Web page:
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Totally Cool

Good morning, all!

This just in! By Another Name is going to galleys! Woo Hoo! I just got word from my fabulous Senior Editor, Nicola Martinez. Most exciting to reach this point. This short story was a blessing from the get go. Easy to write, it flowed from my fingers. Those are the best. I have, in the past, said that contemporary shorts are my “cheats.” In fact, I now believe it’s my therapy. What’s more therapeutic than weaving a little redemption love story? Can these little snippets make the world a better place? I think so. Why, you ask?

Because I believe in happily ever after. I tell the girls that their daddy and I are living ours, and they are our little princesses who someday will have their own. After college. After grad school. After they develop into strong, confident young women, which seems to be a recurring theme with my heroines.

So, this is almost Thanksgiving day. I braved the grocery store last night, thinking I’d be all sneaky and get my holiday groceries ahead of time. Along with half of Temecula. Aye, yai! yai! Anyway, the fridge is packed. We’ve opted for a free range turkey, never frozen rather than the traditional block of ice to sit in the sink for a day. This year, recovering from surgery, and still unable to lift more than 10 lbs – a fact I forgot BEFORE I went to the grocery story – so, today, Perry’s going with me before we brave Costco together. Lord, we must be crazy.

At any rate, have a happy Thanksgiving weekend. Good luck braving Black Friday, for you kamakaze shoppers out there! Many blessings, and safe travels to you and yours!


Constructive Criticism

One of the most helpful books I’ve ever read is Dale Carnegie’s “How to Stop Worrying and Start Living.”Sure, everyone says “How to Win Friends and Influence People” is his best work. I tend to disagree. Though I honestly couldn’t tell you the majority of what is in that book. What I do know, is that it changed my life — it taught me how to be critiqued – which is imperative for my growth as a writer. Who knows what else Mr. Carnegie expounded upon. This is what impacted me, at that low point of my life, and what I can share with others as a turning point towards a better day in mine.

What’s changed in my life since I read that book? Back then, I was in a crappy relationship (read UNDERSTATEMENT, and fodder for many villains in my stories), I was trying to make extra money selling soap. I honestly was miserable, but I longed for a career as a writer of fiction. I longed for love and for friendship and a home and a family that loved me.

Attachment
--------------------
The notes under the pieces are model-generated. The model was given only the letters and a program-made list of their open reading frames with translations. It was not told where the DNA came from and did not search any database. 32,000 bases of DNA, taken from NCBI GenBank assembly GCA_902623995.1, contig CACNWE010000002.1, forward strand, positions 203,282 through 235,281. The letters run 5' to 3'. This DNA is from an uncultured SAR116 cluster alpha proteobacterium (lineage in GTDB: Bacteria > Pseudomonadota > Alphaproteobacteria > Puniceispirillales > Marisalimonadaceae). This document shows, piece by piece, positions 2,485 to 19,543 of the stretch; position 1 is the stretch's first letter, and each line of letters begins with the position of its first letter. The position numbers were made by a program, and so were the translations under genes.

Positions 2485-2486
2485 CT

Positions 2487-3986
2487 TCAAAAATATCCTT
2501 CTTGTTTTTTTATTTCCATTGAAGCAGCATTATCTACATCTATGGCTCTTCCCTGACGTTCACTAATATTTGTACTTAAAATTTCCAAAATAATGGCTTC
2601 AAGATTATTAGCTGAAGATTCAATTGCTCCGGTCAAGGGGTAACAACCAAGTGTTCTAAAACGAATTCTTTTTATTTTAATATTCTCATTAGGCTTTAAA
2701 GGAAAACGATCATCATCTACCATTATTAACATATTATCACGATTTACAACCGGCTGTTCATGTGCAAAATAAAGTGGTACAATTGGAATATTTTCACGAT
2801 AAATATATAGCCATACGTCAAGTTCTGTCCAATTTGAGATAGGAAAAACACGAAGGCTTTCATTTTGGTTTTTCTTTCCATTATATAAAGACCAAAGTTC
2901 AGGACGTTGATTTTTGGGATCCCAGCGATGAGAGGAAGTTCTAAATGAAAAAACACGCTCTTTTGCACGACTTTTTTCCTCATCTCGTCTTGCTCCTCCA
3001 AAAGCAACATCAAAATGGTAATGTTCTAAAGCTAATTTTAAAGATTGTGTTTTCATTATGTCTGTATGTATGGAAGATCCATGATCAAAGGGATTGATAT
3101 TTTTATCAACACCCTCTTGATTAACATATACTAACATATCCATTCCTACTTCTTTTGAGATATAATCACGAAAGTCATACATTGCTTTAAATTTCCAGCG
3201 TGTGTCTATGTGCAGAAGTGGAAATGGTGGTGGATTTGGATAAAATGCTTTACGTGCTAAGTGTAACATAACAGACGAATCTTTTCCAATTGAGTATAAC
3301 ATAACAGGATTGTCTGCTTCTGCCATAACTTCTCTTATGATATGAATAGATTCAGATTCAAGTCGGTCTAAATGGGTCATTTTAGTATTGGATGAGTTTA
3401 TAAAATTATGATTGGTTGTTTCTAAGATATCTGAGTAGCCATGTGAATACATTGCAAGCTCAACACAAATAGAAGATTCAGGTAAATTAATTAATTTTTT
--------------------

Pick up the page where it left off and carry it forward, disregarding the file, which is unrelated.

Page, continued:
Well, let’s see. About 14 years later, (oh Lord! feeling REALLY old) I’m happily married to my soul mate (the very saying would make him cringe), I have two lovely daughters, a great “day job” career – if they’ll still have me (going to see when I can go back to work tomorrow!), and I am a working Author of romantic fiction. I also have befriended numerous authors, editors, cover artists, and publishers, who are all working to define this new dawn of the Print on Demand publishing industry.

Perhaps I have my head in the clouds with aspirations of being a full time writer, but realistically, I know that is several years in my future. Right now, I’m in writing boot camp. I’m learning from my editors at TWRP – I’m on my THIRD! now working with the Senior Editor of the White Rose Line. (Hi, Nicola!) I’ve been brow-beat, lovingly guided, and instructed on how to improve my writing techniques on everything from: Showing – not telling, maintaining proper POV, getting rid of the dreaded words: was, felt, seemed, etc. which I’m still working on. And so many other points. They are basically bad writing habits that many of us fall into — I’m sure you notice I have a comma problem. Apologies to that regard. I tend to comma splice when I’m thinking. Crazy.

What I can say is this. For aspiring writers out there: if you ask for criticism, be ready to take it in for the spirit in which it was given. Your manuscript will return to you, bleeding and ripped through with “suggestions” and “pointers” on the errors of your ways. Your editor is now your partner, with an equally vested interest in your success. Make no bones about it. It is the hardest thing you’ve ever done.

I was given an excellent piece of advice by one of my writer-buddies. She told me to breathe. Then, read through the entire thing – absorbing all of the comments. Then, pick up a pen and make your notes. Develop your tricks. Use find and replace. But, pay attention to what they say and don’t assume your first pass is your best work. Give your editor’s comments the chance they deserve, and soon you won’t believe what you were capable of producing.

The back and forth can be difficutl. Honestly, your baby — your precious pages — will be the bane of your existence by the time it goes to galleys. But, having it go to galleys?!?! Having your story receive a gorgeous cover?!? an audience to read your words?!?! That’s my idea of heaven on earth.

All or Nothing – Returned – AGAIN!

Okay, second round of edits have been returned to Elizabeth. I have until August 20th for a creative reprieve. How do I feel?

Wrung out.

I had every intention of writing something creative today, so I’d better get to it. Just wanted to share my total relief, after having to slash out paragraphs, sew up my was-clusters, seek out problem repeated words, and all of those stray punctuation marks that seem to find their way to the forefront while you’re elbow deep rewording paragraphs and pages.

Amazingly enough, the story is better than its ever been. My editor is a genius. I’ll shout it from the rooftops. I’ve learned more about writing this year than I ever have – even in college. So, on that note, here’s to the next project. Something short that I can finish quickly. And then, back to Castles by the Sea.